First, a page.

Figure 5: Management structure of VTE systems in Vietnam. Source: Kasipar, Mac & Se-Yung (12).

Although the programs were attended by about 1.34 million students and 2.6 million full-time trainees in 2006, the trained employees made up only 20.2% of the total workforce in an economy where the annual average growth rate was 6.5% (Kasipar, Mac & Se-Yung 12). This initiative increased economic growth rates (GDP per capita amplified by 50%) and sped up industrialization and modernization procedure. The following table depicts the figures of employees in different sectors –

Percentages of employees in different sectors in Vietnam. 
Figure 6: Percentages of employees in different sectors in Vietnam. Source: Kasipar, Mac & Se-Yung (14).

Kasipar, Mac & Se-Yung (12) further stated that developing countries have already initiated strategies for the industrialization process during the next seven years; for instance, Vietnam had about 240,000 enterprises employing 11 million workers (near 3 million engaged in the SMEs) and they play a significant role in the national economy. SMEs particularly foreign-invested companies need more skilled laborers as the production depends on the advanced technology and use of knowledge; however, SMEs earned more than 25% to 40% of the total GDP (Kasipar, Mac & Se-Yung 14).

At the same time, Quanquan (69) stated that the government of China concentrates on the continuous development of practical work-based training as it tries to prepare students for employment and to adapt to the changing nature of the Chinese economy. Also, Quanquan (69) stated that the government of this country introduced suitable plans and concentrated on reforms to meet the needs of industrialization. Therefore, in 2002, the State Council concentrated on the vocational training programs as it needs skilled labor both in rural and urban areas to enhance the development of the industrial sector.

On the other hand, the UK Commission for Employment and Skills reported that the people of this country have taken some measures, but the economy achieved a relatively low score among the EU and other OECD countries in the context of the success of vocational training programs. The government has increased remuneration for the academic and vocational training holders considering the economic value of different qualifications. The following table demonstrates the percentage of labor getting some form of vocational training –

Country Percentage (%) Country Percentage (%)
Greece 12 Italy 29
Bulgaria 14 Norway 29
Latvia 14 Cyprus 30
Lithuania 14 Germany 30
Hungary 16 Malta 32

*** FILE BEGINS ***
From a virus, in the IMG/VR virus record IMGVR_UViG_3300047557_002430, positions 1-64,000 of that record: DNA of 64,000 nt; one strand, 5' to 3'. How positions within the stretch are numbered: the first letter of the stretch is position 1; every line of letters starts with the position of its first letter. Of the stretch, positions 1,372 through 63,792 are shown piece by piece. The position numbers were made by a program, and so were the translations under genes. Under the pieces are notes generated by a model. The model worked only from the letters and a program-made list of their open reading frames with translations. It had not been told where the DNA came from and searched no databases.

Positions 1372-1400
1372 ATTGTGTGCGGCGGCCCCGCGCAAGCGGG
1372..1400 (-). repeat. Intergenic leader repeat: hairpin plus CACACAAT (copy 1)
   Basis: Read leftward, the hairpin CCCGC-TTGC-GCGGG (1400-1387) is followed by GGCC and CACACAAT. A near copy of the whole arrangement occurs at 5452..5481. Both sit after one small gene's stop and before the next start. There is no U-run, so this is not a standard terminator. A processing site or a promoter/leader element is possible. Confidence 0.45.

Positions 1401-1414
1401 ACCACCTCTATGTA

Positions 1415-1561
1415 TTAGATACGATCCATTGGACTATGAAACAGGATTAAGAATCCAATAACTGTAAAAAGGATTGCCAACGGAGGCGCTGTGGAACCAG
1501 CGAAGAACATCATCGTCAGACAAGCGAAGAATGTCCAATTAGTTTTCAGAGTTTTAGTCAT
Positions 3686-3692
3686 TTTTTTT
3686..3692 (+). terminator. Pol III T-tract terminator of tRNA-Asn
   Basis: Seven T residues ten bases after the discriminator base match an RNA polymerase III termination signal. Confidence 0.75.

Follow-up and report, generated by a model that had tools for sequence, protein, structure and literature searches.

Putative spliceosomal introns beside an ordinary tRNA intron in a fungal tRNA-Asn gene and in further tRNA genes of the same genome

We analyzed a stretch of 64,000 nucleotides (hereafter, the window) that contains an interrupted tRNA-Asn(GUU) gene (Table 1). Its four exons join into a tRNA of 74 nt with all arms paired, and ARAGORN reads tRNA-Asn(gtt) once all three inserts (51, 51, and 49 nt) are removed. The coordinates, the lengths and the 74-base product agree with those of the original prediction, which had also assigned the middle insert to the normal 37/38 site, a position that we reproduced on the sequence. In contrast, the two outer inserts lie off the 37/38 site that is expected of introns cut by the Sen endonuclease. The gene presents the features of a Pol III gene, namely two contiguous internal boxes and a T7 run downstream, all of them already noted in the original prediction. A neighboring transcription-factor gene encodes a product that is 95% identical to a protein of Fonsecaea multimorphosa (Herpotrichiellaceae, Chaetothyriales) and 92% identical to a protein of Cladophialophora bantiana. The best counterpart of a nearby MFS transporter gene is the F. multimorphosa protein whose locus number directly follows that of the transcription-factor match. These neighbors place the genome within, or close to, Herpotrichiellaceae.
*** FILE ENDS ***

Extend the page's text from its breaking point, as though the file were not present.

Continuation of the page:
Romania 18 Spain 33
Poland 22 Austria 34
Estonia 12 The UK 34
Portugal 27 Netherlands 34.5
Denmark 35 Sweden 45
Slovakia 36 Luxembourg 47
Finland 39 Slovenia 50
Belgium 40.25 Czech Republic 58
France 45

Table 2: The percentage of workers getting vocational training. Source: UKCES (86).

Labour Market and Global Recession of 2007–2009

According to the report of the US Bureau of labor statistics (1), there were at least ten recessionary periods in America during the period 1948 to 2012. However, the global economy experienced an actual recession in the last month of 2007, which continued for two years through many countries still face post-recessionary impact (the US bureau of labor statistics 1). Here, it is important to mention that there were different effects on different industries and employees, for example, the employment rate declined by 13% to 10% in the construction and manufacturing industries. The following diagram depicts the employment rate amplified by 5% in the education and health sectors –

Percent change in employment during the recession
Figure 8: Percent change in employment during the recession (19973 – 2011). Source: The US bureau of labor statistics (9).

Job-Related Training Programme in the Recessionary Economy

During the period of the global financial crisis, employers tried to reduce costs for the training program since they experienced either huge losses or gained minimal profits (Mason & & Kate 36). However, in the past, employers had taken different initiatives to develop skills in keeping with their needs; for instance, the employers concentrated more on the short-term skilled development program in the recessionary period of the 1990s. However, the rationale behind taking such a decision was a reduction in sales and production worldwide. During this time, employers aimed to manufacture goods with skilled labor as only a few expert workers could maximize production while maintaining quality (Mason & & Kate 2010, p.36). According to the analysis of CIPD (5), business profits along with investment reduced disproportionately in the fiscal year 2008/09 and such characteristics were common scenarios during the recessionary period. Consequently, multinational companies as well as small and medium enterprises reduced their budgets for a training program to decrease spending.